La crisi di idee del conservatorismo americano

BERKELEY – Sul lato sinistro della mia scrivania ci sono, al momento, tre volumi di recente pubblicazione: The Battle di Arthur Brooks, Coming Apart di Charles Murray e A Nation of Takers di Nicholas Eberstadt. Insieme, essi formano un importante filone intellettuale che, in gran parte, spiega anche il motivo per cui oggi il conservatorismo americano ha ben poco di costruttivo da dire sulla gestione dell'economia, nonché scarsa presa sul centro dell'elettorato americano. 

Ma andiamo un po' a ritroso nel tempo, fino alla nascita di quello che potremmo definire il conservatorismo moderno in Gran Bretagna e Francia all'inizio Ottocento. Allora, c'era chi, come Frédéric Bastiat e Jean-Baptiste Say, credeva che lo Stato dovesse utilizzare le persone senza lavoro per costruire infrastrutture, qualora l'attività dei mercati o la produzione fossero temporaneamente sospese. A questi, però, facevano da contrappeso coloro che, come Nassau Senior, si opponevano persino agli aiuti alimentari: nonostante un milione di persone avesse perso la vita durante la carestia delle patate in Irlanda, per lui "era una cifra a malapena sufficiente".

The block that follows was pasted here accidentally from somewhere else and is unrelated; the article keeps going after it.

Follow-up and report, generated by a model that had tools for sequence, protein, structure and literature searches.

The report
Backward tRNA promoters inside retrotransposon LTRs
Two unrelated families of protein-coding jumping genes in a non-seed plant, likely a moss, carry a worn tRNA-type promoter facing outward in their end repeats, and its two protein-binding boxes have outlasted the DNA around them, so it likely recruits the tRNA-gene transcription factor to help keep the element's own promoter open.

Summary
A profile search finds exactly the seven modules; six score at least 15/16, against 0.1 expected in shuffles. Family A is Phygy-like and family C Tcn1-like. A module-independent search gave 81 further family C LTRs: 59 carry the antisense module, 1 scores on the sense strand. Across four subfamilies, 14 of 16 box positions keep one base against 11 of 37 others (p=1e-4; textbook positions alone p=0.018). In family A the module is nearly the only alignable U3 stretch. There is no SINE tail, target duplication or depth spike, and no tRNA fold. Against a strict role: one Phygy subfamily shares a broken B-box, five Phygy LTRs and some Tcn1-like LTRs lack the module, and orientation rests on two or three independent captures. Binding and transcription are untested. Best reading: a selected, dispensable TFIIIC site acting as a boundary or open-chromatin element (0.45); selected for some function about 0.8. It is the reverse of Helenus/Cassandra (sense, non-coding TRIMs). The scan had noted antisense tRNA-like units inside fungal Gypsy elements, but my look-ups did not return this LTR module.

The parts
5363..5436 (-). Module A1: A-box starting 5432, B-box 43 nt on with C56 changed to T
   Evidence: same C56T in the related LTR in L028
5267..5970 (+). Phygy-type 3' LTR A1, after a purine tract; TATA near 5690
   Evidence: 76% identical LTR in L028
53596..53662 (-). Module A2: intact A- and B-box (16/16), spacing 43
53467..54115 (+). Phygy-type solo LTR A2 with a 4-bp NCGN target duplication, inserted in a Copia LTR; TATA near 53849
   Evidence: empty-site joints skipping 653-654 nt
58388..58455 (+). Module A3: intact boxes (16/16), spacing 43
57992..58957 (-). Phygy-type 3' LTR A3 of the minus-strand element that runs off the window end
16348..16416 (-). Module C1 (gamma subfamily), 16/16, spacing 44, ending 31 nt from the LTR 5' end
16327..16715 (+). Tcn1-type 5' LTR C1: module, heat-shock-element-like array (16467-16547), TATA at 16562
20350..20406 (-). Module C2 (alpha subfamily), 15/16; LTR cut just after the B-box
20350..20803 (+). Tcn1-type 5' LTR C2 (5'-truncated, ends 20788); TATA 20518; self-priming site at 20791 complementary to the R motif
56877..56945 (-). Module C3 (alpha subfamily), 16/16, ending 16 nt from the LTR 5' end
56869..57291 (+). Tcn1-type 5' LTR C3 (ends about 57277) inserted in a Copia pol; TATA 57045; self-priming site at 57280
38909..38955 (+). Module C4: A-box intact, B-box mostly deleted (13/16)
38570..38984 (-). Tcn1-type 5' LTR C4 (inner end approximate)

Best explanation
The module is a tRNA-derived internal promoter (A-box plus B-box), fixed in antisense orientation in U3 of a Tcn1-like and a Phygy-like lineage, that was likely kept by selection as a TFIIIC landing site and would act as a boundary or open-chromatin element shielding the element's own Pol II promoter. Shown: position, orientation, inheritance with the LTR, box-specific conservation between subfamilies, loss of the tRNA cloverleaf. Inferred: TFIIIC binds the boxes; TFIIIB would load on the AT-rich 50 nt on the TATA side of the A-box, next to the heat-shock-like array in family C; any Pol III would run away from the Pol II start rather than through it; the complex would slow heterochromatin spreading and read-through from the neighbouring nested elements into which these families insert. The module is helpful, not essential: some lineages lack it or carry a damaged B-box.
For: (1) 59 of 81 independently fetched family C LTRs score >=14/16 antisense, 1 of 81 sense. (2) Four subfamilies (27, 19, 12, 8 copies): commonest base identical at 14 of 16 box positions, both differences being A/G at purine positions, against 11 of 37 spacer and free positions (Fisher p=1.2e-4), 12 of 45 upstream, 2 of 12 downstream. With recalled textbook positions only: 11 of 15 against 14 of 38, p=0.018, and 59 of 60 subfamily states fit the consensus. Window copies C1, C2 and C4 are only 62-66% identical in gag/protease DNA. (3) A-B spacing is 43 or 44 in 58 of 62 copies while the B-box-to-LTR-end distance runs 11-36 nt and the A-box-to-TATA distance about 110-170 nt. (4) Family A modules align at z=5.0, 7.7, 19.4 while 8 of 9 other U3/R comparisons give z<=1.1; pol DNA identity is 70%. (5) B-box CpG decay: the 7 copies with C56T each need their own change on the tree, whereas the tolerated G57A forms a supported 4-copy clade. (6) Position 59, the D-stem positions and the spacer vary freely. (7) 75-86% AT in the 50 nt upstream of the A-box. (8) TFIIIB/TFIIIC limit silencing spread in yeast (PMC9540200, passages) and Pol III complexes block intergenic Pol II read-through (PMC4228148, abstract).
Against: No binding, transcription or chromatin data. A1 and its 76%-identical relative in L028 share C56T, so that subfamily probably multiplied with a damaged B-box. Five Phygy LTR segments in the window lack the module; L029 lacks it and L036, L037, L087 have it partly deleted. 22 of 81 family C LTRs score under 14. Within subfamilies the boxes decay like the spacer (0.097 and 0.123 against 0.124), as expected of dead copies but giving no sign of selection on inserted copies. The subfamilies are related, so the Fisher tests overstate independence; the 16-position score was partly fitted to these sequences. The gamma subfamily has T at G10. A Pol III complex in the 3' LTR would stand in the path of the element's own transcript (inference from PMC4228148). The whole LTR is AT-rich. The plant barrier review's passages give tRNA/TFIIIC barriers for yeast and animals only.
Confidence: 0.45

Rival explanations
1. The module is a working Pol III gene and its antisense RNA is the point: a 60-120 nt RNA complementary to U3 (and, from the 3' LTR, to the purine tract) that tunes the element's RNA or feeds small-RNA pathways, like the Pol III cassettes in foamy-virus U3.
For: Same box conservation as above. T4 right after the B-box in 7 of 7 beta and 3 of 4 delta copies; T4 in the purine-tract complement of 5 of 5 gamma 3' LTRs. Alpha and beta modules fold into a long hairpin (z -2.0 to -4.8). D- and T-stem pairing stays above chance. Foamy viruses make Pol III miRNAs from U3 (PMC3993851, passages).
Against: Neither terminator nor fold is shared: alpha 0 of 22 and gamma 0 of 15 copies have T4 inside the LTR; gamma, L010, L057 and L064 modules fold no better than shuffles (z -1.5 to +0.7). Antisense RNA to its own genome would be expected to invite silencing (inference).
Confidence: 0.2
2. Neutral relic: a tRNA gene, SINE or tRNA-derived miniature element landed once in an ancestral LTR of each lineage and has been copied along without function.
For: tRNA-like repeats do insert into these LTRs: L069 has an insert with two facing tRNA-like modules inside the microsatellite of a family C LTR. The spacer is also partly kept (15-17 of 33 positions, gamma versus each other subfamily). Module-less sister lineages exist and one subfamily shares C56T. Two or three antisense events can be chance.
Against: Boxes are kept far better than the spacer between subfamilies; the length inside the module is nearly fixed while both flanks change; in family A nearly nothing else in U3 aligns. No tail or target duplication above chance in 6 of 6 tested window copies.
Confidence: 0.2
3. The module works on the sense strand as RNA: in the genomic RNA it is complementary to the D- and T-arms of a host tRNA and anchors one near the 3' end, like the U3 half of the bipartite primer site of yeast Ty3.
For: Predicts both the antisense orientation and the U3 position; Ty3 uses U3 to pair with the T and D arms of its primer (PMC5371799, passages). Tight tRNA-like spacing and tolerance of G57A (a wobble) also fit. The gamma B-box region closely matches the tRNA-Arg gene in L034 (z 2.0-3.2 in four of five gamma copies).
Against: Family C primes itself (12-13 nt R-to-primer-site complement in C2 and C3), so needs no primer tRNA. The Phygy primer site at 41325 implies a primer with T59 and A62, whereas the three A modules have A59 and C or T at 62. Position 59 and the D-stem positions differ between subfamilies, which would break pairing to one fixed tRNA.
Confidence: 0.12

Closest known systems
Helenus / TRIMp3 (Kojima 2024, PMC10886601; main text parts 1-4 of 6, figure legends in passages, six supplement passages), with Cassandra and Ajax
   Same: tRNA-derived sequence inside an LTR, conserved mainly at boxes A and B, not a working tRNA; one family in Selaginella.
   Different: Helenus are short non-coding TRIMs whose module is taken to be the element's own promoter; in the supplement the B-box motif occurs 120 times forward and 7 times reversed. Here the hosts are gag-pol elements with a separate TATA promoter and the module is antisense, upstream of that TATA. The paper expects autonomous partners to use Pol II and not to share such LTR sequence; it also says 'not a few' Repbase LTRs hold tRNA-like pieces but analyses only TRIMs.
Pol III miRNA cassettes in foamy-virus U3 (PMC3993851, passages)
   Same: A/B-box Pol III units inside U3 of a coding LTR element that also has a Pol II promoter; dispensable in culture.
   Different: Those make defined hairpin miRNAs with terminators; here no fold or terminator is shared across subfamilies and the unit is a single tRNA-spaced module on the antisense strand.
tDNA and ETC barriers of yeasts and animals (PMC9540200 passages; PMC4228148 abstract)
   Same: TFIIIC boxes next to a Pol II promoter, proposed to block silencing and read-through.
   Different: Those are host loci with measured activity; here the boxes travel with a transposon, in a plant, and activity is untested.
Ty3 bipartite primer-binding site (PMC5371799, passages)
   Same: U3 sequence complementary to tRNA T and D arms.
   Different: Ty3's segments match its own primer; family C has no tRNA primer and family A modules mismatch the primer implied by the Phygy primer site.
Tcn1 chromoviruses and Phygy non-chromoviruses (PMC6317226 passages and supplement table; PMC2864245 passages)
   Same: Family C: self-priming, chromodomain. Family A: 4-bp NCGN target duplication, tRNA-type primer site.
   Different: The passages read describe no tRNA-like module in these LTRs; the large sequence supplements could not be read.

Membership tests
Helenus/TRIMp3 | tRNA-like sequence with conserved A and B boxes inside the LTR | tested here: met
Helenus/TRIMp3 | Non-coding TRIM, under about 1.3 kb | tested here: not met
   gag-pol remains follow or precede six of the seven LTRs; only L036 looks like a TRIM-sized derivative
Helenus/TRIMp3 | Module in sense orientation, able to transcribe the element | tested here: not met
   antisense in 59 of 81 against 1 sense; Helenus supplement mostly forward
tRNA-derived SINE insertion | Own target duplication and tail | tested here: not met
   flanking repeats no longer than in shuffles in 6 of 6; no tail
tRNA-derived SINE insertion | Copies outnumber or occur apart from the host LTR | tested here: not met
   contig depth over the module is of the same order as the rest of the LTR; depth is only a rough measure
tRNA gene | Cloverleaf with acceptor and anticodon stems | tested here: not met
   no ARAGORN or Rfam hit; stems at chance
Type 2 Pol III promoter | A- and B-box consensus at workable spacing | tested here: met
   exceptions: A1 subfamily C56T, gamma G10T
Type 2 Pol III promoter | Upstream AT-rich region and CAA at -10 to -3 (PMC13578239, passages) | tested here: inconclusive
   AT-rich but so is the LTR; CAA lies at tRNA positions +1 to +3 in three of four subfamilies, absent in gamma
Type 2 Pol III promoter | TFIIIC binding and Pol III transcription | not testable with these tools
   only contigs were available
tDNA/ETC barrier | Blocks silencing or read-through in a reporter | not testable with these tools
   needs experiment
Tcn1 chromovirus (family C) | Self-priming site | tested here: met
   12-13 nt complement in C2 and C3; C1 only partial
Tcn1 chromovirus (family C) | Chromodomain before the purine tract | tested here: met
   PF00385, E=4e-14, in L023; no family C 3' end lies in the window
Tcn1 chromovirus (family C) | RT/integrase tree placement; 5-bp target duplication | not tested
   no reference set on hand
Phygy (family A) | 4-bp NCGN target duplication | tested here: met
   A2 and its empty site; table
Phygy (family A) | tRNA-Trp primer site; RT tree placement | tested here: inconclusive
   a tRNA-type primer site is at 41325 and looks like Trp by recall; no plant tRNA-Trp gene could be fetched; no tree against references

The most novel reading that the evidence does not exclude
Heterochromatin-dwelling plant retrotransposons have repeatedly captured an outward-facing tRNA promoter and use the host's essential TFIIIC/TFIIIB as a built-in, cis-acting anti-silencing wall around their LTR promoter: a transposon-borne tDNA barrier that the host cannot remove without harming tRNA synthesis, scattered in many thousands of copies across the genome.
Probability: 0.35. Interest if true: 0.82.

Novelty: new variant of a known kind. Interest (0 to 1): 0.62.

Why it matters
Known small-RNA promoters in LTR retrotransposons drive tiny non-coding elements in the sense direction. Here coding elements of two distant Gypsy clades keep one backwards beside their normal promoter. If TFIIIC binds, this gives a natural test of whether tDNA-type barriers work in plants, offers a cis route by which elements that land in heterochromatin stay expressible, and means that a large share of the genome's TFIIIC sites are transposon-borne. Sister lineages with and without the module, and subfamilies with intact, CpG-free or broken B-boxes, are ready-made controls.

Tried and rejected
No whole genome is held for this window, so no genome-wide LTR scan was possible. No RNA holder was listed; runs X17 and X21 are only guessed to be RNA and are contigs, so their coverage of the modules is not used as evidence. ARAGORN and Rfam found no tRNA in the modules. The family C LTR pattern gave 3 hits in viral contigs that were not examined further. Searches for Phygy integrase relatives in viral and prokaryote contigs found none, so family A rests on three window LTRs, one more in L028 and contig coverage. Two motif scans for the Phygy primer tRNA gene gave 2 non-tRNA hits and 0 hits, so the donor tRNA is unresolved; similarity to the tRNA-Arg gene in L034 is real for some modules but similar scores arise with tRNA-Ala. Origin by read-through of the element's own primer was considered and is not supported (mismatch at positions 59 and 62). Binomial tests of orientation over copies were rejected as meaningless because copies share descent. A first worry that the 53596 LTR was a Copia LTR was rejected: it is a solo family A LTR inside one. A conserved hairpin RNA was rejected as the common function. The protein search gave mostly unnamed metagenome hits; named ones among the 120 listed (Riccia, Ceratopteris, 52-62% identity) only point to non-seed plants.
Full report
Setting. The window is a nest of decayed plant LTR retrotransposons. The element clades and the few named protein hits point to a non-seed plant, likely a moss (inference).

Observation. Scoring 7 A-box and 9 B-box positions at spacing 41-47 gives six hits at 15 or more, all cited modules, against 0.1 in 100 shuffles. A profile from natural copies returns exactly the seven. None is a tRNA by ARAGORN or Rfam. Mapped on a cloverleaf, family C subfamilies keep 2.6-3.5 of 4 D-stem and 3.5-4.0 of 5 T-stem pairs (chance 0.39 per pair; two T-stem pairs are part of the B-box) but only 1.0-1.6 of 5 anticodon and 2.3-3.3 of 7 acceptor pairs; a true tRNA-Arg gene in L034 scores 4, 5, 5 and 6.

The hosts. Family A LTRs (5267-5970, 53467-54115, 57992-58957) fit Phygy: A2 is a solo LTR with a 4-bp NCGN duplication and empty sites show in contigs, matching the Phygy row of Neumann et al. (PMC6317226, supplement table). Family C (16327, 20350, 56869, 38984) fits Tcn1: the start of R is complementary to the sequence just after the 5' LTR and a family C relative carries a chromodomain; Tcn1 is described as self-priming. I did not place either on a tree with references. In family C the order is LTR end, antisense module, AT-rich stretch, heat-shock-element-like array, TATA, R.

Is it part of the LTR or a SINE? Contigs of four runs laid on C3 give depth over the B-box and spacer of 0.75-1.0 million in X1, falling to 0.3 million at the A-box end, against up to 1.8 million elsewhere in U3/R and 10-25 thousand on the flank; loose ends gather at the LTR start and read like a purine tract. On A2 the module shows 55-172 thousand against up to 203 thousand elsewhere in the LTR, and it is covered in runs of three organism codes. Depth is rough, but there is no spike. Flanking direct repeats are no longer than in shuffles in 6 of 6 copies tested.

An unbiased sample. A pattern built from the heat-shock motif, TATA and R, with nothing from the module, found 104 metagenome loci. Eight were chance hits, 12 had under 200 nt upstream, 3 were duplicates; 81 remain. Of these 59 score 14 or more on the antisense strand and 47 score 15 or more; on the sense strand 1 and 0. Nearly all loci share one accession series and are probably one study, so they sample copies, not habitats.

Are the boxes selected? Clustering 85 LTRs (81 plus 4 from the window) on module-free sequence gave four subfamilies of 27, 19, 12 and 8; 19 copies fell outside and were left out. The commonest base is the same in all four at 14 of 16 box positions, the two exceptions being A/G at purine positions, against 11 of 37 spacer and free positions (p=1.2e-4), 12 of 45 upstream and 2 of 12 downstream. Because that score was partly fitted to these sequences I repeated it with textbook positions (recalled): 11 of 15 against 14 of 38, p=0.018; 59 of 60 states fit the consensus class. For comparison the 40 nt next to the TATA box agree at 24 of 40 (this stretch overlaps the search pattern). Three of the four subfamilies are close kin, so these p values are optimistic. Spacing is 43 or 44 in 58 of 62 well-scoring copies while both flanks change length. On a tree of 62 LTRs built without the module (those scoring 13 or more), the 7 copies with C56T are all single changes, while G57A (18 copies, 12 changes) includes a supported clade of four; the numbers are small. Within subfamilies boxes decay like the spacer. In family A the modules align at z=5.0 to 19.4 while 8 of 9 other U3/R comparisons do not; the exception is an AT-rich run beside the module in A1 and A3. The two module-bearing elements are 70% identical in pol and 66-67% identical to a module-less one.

L'essenza del conservatorismo nella sua fase iniziale prevedeva la totale opposizione a qualunque forma di assicurazione sociale: rendere i poveri più ricchi li avrebbe fatti diventare più prolifici, e ciò avrebbe avuto come conseguenza la riduzione delle dimensioni delle aziende agricole (poiché la terra sarebbe stata divisa tra più eredi), la diminuzione della produttività della forza lavoro, e un ulteriore impoverimento della gente. La previdenza sociale non era considerata solo inutile, bensì anche controproducente.

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